For some venues, music is simply a mood-setter, or a way to smooth over intrusive background noise. But for many others, it’s a valuable revenue stream – and with consumers now accustomed to a huge and easily manipulable range of sounds on their personal devices, they’re demanding the same from jukeboxes.
Consider, for example, the experience of Lakerose Leisure, an operator based in the seaside town of Peacehaven, near Brighton. Supplying music technology as well as gaming machines to pubs and clubs in the southeast of England, last year it finally replaced its very last CD-based jukebox with a Sound Leisure model using that firm’s VenueHub system and Milestones in Music library.
Said Lakerose’s managing director Terry Read: “We have been so impressed with the increase in cash box from our digital jukeboxes that we have gradually replaced our entire estate of CD jukeboxes in order to maximise revenues. The Milestones in Music technology, combined with music packages from Soundnet, makes a winning combination. It will be a relief not to have to update CDs any more.”
And Read’s positive report was underlined by Sound Leisure’s own managing director, Chris Black: “This is an endorsement that proves that digital does make a difference to the bottom line. We urge any other operators who are still servicing CD boxes to consider whether they could benefit from a change to digital as well.”
Indeed, Sound Leisure’s system – like TAB Austria’s, featured in our box headed A World of Music – shows just how far the provision of music has come since the firm started selling traditional jukebokes three decades ago.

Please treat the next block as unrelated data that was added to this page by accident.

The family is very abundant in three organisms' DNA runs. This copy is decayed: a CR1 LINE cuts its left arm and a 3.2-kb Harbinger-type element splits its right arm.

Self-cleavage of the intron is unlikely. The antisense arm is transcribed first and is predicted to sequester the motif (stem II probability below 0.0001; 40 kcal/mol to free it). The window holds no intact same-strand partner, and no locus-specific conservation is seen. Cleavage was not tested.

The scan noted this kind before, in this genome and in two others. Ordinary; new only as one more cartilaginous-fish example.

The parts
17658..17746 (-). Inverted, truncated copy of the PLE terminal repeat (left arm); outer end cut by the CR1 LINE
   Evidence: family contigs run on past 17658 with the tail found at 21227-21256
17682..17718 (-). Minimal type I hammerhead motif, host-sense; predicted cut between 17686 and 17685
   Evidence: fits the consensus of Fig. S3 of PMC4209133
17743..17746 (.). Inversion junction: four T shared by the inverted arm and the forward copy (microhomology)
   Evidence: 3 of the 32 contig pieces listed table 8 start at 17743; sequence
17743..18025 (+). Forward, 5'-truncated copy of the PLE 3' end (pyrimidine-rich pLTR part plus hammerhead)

At its core is VenueHub, a digital jukebox available in two cabinets – the P23 and P32 – each with portrait-format touchscreen. But VenueHub is not just a product for playing music; it’s also a platform on which new applications can be created, to deliver more features or different kinds of content, or to customise the consumer’s experience by presenting a branded interface.
It’s designed so that while customers new to the system can quickly get to grips with it, those more accustomed to VenueHub can employ other techniques – drawn from PC and smartphone interfaces – to navigate and choose music, for example by swiping the screen to scroll pages, or using a drag-and-drop search mechanism.
There are plenty of features serving to introduce customers to new music, too, as well as helping them find their favourites. For example, the most popular tracks in a given genre can be listed. Searching returns slight variations on the search string – for example, the company says, searches for “Jay Z” or “JayZ” will both return results for the rapper Jay-Z – and spell-checking also helps eliminate errors. Customers can build playlists of multiple songs, and ask VenueHub to suggest tracks from similar artists for possible inclusion.
From a management point of view, too, VenueHub takes full advantage of the flexibility that digital offers. Visually, the interface can be customised with colours and images. The full screen or portions can be used for advertising, and VenueHub can also deliver content other than music – for example, quiz and bingo applications come as standard, and other apps can be developed.
Charts and minds
Then, of course, there’s the music – far more, again, than a conventional jukebox could possibly offer. The Milestones in Music package includes every UK Top 40 track since 1952, stored locally on the hard disk, while the optional Unlimited feature adds a further 5m tracks online.